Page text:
An Update On The Linux Power Situation In Ubuntu
Written by Michael Larabel in Software on 7 October 2011. Page 6 of 6. 13 Comments

Fortunately, the EPB MSR being in its normal mode rather than performance mode on these newer kernels didn't affect the OpenArena frame-rate.

With the compute-intensive C-Ray benchmark, the power consumption is up by two Watts on 3.0.1 and Oneiric's current kernel, but drops by two Watts when forcing PCI-E ASPM.

If you were hoping that the PCI Express Active State Power Management situation would be fixed up by the time of the Ubuntu 11.10 release -- considering this issue has been around before the release of Ubuntu 11.04 -- it's not going to happen. Upstream developers have yet to set the ASPM bits directly in more drivers or otherwise figure out how to be more like Windows in terms of how ASPM support is treated. For now, you need to make sure you set "pcie_aspm=force", if your hardware supports the mode. What Canonical's kernel team says is the "fix" to LP #760131 is an unrelated power fix done upstream to ensure that the MSR_IA32_ENERGY_PERF_BIAS register is set to "normal" rather than "performance" mode. The hardware in the original posting to the aforementioned bug report does not even support EPB and is about ASPM and other power changes causing the significantly higher power usage. As these latest tests from the Sandy Bridge notebook show, the 3.0.1+ kernels can improve the power efficiency without degrading the system performance, but will only help you if running the latest Intel hardware that supports the energy performance bias feature.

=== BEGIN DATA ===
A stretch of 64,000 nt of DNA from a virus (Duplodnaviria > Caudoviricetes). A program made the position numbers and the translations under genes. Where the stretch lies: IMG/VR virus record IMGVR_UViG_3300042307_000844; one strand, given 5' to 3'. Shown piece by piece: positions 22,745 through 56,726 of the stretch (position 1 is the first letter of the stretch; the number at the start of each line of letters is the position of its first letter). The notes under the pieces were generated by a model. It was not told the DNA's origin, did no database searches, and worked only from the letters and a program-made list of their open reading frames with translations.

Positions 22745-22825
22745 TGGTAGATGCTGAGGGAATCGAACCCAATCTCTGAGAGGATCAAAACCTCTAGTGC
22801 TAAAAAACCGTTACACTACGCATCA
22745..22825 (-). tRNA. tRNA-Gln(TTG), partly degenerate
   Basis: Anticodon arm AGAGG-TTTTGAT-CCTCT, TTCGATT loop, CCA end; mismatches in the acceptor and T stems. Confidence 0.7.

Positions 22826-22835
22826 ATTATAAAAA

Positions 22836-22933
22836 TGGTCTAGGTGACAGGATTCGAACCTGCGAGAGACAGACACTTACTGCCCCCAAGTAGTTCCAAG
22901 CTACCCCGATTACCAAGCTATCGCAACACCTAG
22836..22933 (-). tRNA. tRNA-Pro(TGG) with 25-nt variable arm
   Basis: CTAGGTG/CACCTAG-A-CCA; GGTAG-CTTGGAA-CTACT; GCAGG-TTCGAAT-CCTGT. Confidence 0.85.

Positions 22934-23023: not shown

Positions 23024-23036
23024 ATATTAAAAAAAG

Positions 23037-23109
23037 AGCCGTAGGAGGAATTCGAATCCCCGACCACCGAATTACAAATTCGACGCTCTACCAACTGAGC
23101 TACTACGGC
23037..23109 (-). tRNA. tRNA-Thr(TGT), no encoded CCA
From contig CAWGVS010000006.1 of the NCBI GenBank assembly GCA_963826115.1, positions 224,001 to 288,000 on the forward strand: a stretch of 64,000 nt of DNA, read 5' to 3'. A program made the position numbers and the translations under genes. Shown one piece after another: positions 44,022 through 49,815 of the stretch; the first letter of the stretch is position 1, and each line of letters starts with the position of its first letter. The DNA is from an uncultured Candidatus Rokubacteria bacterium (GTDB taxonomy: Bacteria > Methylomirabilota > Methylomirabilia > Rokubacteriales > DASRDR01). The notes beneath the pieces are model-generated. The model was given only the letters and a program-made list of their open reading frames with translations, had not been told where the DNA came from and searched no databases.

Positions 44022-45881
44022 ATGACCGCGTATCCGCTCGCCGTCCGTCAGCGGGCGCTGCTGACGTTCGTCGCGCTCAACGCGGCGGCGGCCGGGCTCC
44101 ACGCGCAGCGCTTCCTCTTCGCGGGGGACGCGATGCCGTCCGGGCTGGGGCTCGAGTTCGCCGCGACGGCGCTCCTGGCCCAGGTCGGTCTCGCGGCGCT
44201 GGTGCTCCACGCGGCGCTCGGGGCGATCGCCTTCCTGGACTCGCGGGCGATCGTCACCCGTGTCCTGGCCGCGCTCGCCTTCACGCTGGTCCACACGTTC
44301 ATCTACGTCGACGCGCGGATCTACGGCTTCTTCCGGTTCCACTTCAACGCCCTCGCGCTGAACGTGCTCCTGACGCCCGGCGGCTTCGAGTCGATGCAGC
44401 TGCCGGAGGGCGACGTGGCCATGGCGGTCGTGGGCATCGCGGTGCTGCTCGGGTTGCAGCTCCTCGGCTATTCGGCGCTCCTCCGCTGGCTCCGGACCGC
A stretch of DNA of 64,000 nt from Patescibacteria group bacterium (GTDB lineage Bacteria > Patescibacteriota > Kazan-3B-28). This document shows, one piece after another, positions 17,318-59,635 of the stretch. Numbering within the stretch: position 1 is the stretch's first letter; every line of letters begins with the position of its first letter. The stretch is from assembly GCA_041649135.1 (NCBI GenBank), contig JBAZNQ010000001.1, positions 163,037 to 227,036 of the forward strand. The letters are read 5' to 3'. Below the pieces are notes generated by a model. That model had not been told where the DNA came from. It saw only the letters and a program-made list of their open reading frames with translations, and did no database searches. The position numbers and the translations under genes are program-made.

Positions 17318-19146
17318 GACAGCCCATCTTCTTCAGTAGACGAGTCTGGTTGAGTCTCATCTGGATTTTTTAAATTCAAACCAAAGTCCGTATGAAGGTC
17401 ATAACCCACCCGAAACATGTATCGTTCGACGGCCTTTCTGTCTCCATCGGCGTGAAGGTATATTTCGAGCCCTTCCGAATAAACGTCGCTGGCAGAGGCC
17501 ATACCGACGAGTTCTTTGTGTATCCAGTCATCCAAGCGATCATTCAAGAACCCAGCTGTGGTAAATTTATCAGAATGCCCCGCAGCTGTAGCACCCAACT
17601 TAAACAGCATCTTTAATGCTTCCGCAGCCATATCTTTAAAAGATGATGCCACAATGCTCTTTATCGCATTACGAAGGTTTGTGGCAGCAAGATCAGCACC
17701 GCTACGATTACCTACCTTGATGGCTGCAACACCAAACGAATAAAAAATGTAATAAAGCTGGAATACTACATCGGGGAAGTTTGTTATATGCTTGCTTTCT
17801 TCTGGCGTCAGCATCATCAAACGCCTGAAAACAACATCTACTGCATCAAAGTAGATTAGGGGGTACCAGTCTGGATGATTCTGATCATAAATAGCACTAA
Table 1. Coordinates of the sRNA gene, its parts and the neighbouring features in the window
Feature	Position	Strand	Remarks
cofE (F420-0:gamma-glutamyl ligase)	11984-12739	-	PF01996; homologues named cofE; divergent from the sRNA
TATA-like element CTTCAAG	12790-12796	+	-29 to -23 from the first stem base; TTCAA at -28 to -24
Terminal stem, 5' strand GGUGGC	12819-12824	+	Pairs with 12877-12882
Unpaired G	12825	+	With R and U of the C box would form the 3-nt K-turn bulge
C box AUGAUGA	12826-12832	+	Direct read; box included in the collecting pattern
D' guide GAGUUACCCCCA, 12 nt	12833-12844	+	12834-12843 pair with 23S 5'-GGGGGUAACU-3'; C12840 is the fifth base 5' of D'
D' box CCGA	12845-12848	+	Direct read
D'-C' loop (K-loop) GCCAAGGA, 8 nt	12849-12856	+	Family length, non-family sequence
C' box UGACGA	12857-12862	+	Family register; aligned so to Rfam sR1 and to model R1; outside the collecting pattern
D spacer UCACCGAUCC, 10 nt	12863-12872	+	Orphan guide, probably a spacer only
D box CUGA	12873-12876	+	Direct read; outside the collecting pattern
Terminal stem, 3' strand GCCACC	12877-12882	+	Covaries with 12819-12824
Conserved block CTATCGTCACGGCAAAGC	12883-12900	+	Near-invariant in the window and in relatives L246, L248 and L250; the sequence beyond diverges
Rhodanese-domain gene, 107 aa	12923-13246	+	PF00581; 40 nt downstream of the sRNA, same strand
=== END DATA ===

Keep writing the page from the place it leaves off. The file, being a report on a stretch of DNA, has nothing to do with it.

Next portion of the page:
I'll have some more Linux power information coming soon...

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Michael Larabel is the principal author of and founded the site in 2004 with a focus on enriching the Linux hardware experience. Michael has written more than 10,000 articles covering the state of Linux hardware support, Linux performance, graphics drivers, and other topics. Michael is also the lead developer of the Phoronix Test Suite, Phoromatic, and automated benchmarking software. He can be followed via Twitter or contacted via

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